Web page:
Dr. Eric Hehman, left, with Samuel Gaertner Professor of Psychology at the University of Delaware.
Congratulations to Psychology Professor Eric Hehman who was selected to receive a 2016 Rising Star designation by the Association for Psychological Science.
This international award recognizes Dr. Hehman’s early career accomplishments and innovative work that has already advanced the field, signaling great potential for continued contributions to psychological science. The congratulatory letter from the APS Board of Directors noted that Dr. Hehman is “among the brightest minds in the field of psychology, setting an impressively high standard for the designation in years to come.”
Dr. Hehman is an Assistant Professor of Psychology at Ryerson University and Director of the Seeing Human Lab. He received his Ph.D. at the University of Delaware working with Sam Gaertner, and did post-doctoral work at Dartmouth College and New York University with Jon Freeman before coming to Ryerson.
Generally, Dr. Hehman's research examines how individuals perceive and evaluate one another across group boundaries (e.g., race, gender, sexual-orientation, occupation, etc). To address these questions, he takes a multi-method approach, incorporating a broad range of behavioral (e.g., computer-mouse tracking, digital face modeling, group interactions), neural (e.g., fMRI, EEG), and statistical techniques (e.g., multilevel modeling, structural equation modeling).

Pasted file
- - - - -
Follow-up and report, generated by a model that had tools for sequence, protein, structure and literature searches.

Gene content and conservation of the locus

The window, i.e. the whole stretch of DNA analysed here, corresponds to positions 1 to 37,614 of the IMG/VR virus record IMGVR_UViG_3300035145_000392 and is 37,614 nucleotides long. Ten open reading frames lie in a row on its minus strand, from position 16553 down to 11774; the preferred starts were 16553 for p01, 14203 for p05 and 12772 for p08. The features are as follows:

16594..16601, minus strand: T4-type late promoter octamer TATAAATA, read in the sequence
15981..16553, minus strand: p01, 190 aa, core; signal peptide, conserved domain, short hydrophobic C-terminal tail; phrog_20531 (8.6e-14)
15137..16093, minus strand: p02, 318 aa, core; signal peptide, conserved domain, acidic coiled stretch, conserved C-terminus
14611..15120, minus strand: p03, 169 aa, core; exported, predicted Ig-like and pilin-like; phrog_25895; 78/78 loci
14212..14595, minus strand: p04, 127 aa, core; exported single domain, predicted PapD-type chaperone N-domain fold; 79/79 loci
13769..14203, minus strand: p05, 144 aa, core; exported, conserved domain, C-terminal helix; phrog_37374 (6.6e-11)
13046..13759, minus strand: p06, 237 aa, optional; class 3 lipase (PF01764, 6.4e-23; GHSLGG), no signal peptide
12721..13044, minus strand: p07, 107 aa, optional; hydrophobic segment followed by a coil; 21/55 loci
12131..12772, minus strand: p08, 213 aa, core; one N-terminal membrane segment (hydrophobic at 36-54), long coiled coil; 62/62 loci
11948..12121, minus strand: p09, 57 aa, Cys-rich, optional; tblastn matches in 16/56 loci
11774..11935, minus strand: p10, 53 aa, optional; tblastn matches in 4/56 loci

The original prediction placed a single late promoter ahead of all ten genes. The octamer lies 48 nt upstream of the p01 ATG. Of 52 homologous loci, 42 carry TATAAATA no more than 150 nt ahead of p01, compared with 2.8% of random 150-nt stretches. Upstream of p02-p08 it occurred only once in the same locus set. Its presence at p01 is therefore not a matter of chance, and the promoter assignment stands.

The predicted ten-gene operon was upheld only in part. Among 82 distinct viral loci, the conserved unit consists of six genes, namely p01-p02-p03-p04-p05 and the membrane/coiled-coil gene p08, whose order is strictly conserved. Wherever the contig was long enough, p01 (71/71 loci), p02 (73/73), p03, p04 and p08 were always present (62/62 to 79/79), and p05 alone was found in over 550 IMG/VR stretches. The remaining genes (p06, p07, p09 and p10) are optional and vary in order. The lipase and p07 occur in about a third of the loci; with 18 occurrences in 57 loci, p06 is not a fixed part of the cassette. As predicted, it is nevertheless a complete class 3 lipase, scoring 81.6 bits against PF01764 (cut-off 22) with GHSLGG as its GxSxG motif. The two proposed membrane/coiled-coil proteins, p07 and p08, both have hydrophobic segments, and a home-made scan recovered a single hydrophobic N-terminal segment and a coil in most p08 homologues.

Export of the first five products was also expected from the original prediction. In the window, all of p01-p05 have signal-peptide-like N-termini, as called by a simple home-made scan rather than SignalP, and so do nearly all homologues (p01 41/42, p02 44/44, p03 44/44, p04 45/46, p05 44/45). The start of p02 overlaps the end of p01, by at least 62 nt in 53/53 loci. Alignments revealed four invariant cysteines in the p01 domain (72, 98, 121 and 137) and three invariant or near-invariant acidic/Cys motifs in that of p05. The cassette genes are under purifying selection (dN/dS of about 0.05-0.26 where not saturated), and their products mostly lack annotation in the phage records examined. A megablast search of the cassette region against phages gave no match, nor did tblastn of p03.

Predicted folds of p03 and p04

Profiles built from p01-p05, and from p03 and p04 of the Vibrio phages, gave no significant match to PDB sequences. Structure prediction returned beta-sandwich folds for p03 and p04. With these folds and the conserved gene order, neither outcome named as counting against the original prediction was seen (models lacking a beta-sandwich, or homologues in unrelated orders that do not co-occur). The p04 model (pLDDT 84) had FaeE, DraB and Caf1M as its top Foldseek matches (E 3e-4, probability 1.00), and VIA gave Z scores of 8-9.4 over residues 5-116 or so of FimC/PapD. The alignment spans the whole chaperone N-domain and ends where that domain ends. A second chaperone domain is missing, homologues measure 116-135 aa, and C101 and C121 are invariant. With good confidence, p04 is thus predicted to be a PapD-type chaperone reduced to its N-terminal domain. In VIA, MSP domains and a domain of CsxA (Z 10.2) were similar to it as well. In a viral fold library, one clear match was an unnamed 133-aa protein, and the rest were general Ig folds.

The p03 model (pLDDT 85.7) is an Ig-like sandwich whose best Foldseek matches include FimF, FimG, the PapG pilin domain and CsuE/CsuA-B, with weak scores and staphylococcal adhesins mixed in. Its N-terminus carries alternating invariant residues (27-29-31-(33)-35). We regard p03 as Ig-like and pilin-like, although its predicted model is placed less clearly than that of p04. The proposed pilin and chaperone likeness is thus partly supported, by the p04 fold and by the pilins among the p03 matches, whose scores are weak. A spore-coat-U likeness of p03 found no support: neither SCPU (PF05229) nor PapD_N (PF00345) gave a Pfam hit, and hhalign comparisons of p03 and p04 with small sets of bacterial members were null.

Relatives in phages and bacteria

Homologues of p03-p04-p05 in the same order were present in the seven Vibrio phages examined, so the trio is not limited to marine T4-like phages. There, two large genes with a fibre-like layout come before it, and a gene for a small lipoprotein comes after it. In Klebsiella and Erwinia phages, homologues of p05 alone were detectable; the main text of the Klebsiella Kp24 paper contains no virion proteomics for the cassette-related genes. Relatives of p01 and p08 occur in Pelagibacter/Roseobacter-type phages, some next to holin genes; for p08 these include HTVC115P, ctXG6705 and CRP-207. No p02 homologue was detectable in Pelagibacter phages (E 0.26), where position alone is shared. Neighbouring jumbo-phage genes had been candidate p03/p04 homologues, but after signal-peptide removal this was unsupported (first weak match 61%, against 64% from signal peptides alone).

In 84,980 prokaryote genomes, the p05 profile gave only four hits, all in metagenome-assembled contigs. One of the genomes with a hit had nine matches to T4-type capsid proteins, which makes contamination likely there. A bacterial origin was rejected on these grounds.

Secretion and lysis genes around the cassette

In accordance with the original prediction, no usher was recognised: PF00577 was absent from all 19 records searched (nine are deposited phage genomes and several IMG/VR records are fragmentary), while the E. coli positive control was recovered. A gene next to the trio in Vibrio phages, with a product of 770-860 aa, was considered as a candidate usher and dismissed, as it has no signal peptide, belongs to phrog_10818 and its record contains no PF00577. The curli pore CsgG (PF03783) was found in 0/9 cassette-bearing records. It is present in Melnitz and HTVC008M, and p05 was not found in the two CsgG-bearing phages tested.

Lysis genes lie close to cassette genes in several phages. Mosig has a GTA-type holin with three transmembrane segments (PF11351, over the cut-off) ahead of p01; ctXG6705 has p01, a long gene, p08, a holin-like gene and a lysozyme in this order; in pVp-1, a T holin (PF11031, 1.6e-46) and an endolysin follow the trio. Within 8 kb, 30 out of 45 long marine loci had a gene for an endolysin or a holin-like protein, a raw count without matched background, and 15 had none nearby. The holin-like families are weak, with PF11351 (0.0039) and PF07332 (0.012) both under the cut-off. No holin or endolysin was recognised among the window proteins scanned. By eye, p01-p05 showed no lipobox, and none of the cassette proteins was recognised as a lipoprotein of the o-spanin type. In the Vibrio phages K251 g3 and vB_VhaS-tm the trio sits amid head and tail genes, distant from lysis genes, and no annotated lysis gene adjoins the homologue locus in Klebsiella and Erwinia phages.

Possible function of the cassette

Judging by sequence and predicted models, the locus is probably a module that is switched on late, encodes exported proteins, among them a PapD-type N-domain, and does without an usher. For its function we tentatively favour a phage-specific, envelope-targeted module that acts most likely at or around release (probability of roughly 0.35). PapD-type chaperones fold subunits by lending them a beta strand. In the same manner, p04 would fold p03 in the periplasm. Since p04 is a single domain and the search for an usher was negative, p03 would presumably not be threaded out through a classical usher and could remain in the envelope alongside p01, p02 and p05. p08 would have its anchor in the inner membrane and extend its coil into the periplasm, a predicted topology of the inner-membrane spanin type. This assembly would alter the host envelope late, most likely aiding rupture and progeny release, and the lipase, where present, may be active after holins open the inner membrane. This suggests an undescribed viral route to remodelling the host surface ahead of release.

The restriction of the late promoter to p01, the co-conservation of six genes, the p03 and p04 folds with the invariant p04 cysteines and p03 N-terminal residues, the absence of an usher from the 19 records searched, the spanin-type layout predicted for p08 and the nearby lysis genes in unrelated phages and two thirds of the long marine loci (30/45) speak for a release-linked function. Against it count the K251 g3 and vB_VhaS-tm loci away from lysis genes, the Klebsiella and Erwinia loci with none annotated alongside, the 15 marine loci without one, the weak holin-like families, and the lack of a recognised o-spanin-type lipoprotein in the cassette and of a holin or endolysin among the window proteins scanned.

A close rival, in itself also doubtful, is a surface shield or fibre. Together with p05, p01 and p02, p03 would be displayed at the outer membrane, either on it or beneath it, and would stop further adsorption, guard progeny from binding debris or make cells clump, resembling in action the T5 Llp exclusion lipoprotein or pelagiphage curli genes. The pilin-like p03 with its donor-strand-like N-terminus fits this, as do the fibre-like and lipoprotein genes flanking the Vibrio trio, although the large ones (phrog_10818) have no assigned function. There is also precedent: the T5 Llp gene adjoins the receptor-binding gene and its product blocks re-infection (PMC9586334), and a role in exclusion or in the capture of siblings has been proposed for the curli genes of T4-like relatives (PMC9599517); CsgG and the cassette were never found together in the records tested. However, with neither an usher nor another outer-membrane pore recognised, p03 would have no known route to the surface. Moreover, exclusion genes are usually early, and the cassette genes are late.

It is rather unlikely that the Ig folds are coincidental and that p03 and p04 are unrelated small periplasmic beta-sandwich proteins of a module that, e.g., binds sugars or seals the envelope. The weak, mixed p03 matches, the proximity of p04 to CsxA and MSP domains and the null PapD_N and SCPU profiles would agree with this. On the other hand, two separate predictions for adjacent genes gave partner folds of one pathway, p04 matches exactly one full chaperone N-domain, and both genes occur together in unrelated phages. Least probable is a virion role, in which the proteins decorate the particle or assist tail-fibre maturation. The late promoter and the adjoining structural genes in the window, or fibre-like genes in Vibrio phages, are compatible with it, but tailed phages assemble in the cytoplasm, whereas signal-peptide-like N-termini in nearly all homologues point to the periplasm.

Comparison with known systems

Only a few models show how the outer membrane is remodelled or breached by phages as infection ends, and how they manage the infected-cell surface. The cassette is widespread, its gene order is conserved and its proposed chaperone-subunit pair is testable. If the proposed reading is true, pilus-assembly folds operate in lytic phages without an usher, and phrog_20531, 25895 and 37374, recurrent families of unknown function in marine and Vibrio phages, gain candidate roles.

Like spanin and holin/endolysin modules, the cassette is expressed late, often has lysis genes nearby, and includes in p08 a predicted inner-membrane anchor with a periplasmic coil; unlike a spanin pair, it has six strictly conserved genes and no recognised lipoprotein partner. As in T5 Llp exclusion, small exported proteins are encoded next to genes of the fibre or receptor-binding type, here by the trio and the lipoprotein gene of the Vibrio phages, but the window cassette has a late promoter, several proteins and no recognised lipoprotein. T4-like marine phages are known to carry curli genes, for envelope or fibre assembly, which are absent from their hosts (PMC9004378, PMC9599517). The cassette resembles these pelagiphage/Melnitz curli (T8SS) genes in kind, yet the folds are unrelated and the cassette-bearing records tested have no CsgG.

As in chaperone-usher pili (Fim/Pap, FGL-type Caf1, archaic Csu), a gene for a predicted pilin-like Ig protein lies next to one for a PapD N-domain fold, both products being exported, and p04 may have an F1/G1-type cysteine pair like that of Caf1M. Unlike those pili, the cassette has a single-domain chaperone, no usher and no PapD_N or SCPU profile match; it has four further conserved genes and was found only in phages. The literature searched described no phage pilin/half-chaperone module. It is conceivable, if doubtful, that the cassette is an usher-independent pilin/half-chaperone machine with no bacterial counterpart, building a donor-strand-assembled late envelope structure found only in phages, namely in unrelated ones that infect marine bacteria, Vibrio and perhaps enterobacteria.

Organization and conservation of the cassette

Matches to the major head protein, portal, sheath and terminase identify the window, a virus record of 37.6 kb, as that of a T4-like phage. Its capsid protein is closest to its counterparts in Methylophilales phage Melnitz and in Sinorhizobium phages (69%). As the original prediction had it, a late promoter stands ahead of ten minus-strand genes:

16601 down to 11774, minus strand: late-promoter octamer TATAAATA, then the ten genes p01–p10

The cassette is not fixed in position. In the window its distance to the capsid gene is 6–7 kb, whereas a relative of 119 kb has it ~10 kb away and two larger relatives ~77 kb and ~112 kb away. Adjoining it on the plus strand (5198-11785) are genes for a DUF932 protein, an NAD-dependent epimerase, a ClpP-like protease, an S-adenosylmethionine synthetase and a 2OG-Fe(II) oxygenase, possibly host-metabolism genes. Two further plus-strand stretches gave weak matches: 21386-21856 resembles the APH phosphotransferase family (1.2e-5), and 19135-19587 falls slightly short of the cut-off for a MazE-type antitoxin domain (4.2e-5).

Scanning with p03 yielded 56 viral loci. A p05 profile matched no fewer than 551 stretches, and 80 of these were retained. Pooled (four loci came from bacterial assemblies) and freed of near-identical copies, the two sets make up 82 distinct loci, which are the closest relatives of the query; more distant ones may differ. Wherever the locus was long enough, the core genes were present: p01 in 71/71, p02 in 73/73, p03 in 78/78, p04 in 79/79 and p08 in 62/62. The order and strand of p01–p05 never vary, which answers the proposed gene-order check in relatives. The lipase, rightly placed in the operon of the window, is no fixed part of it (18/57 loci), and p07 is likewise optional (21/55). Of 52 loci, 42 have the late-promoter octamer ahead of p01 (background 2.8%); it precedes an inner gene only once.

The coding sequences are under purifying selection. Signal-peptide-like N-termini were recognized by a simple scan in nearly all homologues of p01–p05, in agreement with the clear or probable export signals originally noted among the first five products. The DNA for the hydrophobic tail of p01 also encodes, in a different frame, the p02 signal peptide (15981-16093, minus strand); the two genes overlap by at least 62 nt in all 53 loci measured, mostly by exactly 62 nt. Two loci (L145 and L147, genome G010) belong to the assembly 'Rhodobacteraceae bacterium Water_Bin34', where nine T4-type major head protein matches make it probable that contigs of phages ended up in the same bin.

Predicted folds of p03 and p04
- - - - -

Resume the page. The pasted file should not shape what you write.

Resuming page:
More specifically, the Seeing Human Lab has three major foci. First, we are interested in how social trait attributions (e.g., trustworthy, physically dominant, prejudiced) rise from the processing of morphological facial features (e.g., eyes, skin color, facial structure), and how this process might vary across group boundaries (e.g., gender, race, sexual orientation).
Secondly, using a mix of fMRI and EEG, we examine the neural mechanisms that give rise to these impressions of others. For example, how do perceivers integrate top-down processes, such as motivation or stereotypes, into their representations of targets? When perceivers encounter targets who are inconsistent with their expectations and stereotypes, how is that information integrated at the neural level, and how does it change the overall stereotype? How are these neural processes related to downstream behavior?
Finally, it is particularly important to assess how these social impressions might matter in the real world. Just how might these effects manifest? In what domains (e.g., dating, hiring, voting) are our perceptions of others likely to influence our behaviors? When are our stereotypes and biases particularly likely to change our behaviors?